Welcome to Woolsington Parish Council’s website, your place to find out what’s happening within the Parish. Here you can also get in touch with your parish councillors, find out about meetings, look up agendas, minutes and financial information, vote on ideas around new initiatives, volunteer and engage on key issues with fellow residents.
Woolsington Parish Council is a local Parish Council, based within the two Newcastle City Council wards of Kingston Park South & Newbiggin Hall and Callerton & Throckley
Parish Councils are the first tier of local government and are statutory bodies. They serve electorates and are independently elected. They raise their own budget via a precept. Residents will know if they live within a Parish Council area as they will pay this additional Parish precept charge with their council tax – it will be detailed separately on the bill. The only paid member of a Parish Council is the Clerk
Woolsington Parish covers a large geographical area to the north west of Newcastle. It has both rural and urban communities. Newcastle International Airport is also within its boundary
Woolsington Parish Council itself consists of the wards of Bedeburn, Newbiggin Hall, Callerton and Woolsington & Bank Foot (Parish Council Wards.pdf)
WPC has 12 parish councillors (members) who represent the 4 wards. There are no vacancies at present
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Biodiversity Projects are about protecting life in all its forms in order to allow us, and everything we share our planet with, to live happy and healthy lives.Learn More
Woolsington Parish Council has been running its Biodiversity Project since 2018, in support of the Newcastle City Council`s Green Infrastructure Plan and Bee-friendly City Strategy. This includes the planting of trees, spring bulbs, shrubs and hedgerow, flowers and wildflowers while focusing on local wildlife benefits.Learn More
Newcastle City Council`s Bee-friendly City comes to Woolsington Parish with plans for the creation of an extensive Wildflower meadow.Learn More
A summary of our achievements in 2019/20.Learn More
The Newbiggin Hall, Bedeburn and Lowbiggin areas already contain wonderful landscapes, veteran trees and areas of lovely scenery. The Biodiversity Project is specifically designed to build on and enhance these natural assets.Learn More
Bank Foot, Callerton and Woolsington also contain wonderful landscapes, veteran trees and areas of lovely scenery. Here are just a few examples of where the Parish’s Biodiversity Project is attempting to enhance this natural beauty during 2021.Learn More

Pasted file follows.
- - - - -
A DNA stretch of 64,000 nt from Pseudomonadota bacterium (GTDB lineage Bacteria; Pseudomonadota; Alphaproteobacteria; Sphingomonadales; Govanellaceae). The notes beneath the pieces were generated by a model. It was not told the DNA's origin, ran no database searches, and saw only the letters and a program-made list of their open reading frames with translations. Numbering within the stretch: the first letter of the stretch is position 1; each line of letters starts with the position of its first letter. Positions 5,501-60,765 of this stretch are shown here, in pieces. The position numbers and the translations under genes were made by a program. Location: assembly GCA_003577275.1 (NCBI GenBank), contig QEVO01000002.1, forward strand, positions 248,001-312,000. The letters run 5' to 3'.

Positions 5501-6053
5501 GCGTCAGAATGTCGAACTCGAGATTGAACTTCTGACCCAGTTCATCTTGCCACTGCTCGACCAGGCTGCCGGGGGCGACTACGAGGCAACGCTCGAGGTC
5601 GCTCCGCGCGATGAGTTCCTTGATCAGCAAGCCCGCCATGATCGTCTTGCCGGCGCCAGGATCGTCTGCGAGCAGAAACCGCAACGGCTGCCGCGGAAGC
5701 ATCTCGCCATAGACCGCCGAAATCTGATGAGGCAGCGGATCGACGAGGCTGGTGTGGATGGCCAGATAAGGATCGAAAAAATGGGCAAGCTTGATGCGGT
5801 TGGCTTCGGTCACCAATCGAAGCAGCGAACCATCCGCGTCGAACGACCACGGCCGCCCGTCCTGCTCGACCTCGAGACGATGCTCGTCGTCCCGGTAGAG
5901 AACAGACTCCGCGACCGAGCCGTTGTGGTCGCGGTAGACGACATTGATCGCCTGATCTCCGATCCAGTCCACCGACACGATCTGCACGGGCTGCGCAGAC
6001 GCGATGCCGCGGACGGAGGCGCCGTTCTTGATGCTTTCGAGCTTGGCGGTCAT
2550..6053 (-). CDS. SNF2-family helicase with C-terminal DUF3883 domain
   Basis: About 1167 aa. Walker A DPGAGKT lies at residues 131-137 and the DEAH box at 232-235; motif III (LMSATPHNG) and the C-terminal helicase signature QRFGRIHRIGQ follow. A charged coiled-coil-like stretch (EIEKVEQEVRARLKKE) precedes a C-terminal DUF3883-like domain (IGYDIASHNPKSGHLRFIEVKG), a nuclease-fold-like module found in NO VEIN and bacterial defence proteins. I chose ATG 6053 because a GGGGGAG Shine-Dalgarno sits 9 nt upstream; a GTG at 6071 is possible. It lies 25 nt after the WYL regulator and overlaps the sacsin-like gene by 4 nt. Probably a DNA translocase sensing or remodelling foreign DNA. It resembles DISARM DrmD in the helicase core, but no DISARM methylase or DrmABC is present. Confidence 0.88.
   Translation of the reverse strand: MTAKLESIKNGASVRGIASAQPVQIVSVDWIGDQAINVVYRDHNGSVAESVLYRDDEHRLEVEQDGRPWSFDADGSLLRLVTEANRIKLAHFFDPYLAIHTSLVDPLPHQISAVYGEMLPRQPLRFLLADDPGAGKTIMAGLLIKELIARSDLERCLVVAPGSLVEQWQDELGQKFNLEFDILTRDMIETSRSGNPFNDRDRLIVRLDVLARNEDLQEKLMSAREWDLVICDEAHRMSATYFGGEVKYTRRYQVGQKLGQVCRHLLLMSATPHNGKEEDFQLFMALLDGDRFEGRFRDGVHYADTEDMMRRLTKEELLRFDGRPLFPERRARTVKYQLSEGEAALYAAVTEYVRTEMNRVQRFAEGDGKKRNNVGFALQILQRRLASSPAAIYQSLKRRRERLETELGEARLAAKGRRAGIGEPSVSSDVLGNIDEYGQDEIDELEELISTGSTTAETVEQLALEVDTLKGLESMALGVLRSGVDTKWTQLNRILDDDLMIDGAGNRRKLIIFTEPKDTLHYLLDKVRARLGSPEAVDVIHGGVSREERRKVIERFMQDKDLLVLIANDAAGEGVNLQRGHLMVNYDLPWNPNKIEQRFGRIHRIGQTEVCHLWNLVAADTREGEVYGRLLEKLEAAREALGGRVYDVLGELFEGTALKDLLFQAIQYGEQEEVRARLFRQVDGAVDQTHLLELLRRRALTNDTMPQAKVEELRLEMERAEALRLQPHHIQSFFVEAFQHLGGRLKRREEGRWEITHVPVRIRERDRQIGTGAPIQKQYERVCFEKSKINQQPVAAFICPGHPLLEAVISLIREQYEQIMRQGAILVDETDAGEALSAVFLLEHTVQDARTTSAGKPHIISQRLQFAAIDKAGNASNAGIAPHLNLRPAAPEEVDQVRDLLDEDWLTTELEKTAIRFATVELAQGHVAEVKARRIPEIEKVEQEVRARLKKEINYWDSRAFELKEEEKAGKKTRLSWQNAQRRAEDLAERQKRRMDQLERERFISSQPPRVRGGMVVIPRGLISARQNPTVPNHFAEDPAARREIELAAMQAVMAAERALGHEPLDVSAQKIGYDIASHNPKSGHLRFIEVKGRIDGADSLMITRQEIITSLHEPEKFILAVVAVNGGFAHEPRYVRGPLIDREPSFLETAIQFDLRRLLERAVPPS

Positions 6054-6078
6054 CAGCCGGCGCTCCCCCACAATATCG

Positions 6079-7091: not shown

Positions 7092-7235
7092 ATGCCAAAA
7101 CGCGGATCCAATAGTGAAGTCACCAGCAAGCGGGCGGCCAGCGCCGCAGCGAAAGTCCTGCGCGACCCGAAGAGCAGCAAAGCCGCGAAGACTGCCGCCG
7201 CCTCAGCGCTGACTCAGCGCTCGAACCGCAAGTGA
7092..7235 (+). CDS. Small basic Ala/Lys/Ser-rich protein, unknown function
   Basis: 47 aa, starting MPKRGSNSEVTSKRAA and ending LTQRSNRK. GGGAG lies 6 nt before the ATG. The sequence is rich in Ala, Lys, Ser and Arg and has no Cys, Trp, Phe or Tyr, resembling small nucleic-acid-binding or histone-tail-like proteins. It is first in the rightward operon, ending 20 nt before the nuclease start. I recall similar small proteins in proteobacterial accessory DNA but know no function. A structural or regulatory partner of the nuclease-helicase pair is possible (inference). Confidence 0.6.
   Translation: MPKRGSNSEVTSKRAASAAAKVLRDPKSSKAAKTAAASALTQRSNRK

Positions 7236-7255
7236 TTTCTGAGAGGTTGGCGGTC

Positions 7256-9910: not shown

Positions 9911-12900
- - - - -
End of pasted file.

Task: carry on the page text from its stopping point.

The Parish Council was greatly impressed, and influenced, by the Scotswood Community Garden. Here they are working with nature to create a great place for people and wildlife to enjoy. The garden aims for a ‘managed wildness’ approach. The garden is about community, either for the local or the wider area, and they welcome people of all ages and backgrounds to get involved in their work.Learn More
The Parish Council is greatly influenced by this concept. Designing where we live and work to be better for wildlife is important. Two-thirds of butterfly and moth species are in decline in the UK, and urban sprawl is contributing to their demise.... But it doesn’t have to be that way.Learn More
Butterflies are not only beautiful creatures, but do a great deal for the environment. Like bees, they are plant pollinators and they also provide population control for a number of insect species by eating them.Learn More
There are some remarkable trees of variable note at many locations throughout the Parish, some of which border our historic waggonways. Members of the Parish Council are working with the Woodland Trust to help protect theses trees by recording details of noteable and veteran trees on the Woodland Trust Tree Inventory.Learn More
Woolsington Parish Council Chairperson Councillor George Pattison and Catherine McKinnell MP planting the Crocus Carpet on Newbiggin Lane.Learn More
Woolsington Parish Council issued a Questionnaire as part of its community engagement process on biodiversity in the Upper Ouseburn corridor. There was a very positive response from residents throughout the Parish with many messages. This helped the Parish Council to establish its vision, and shape future plans, for the local ponds and surrounding area. Outline discussions with the Land Owner (Northumberland Estates), the City Council, and various other Agencies and services also followed.Learn More
As many are aware, Bluebell Dene is a local beauty spot in Newbiggin Hall, through which runs the main footpath that connects the housing estate with the Metro Station and the surrounding areas of Bank Foot and Kingston Park. In recent years many of the original bluebells and other spring flowers have died off and the area has become untidy and subject to increased anti-social behaviour.Learn More
Following the announcement from government we moved to Step 4 of the road map out of lockdown from Monday 19 July. While many restrictions will be lifted some remain in place and the government guidance is clear that we all need to continue to act carefully and to remain cautious.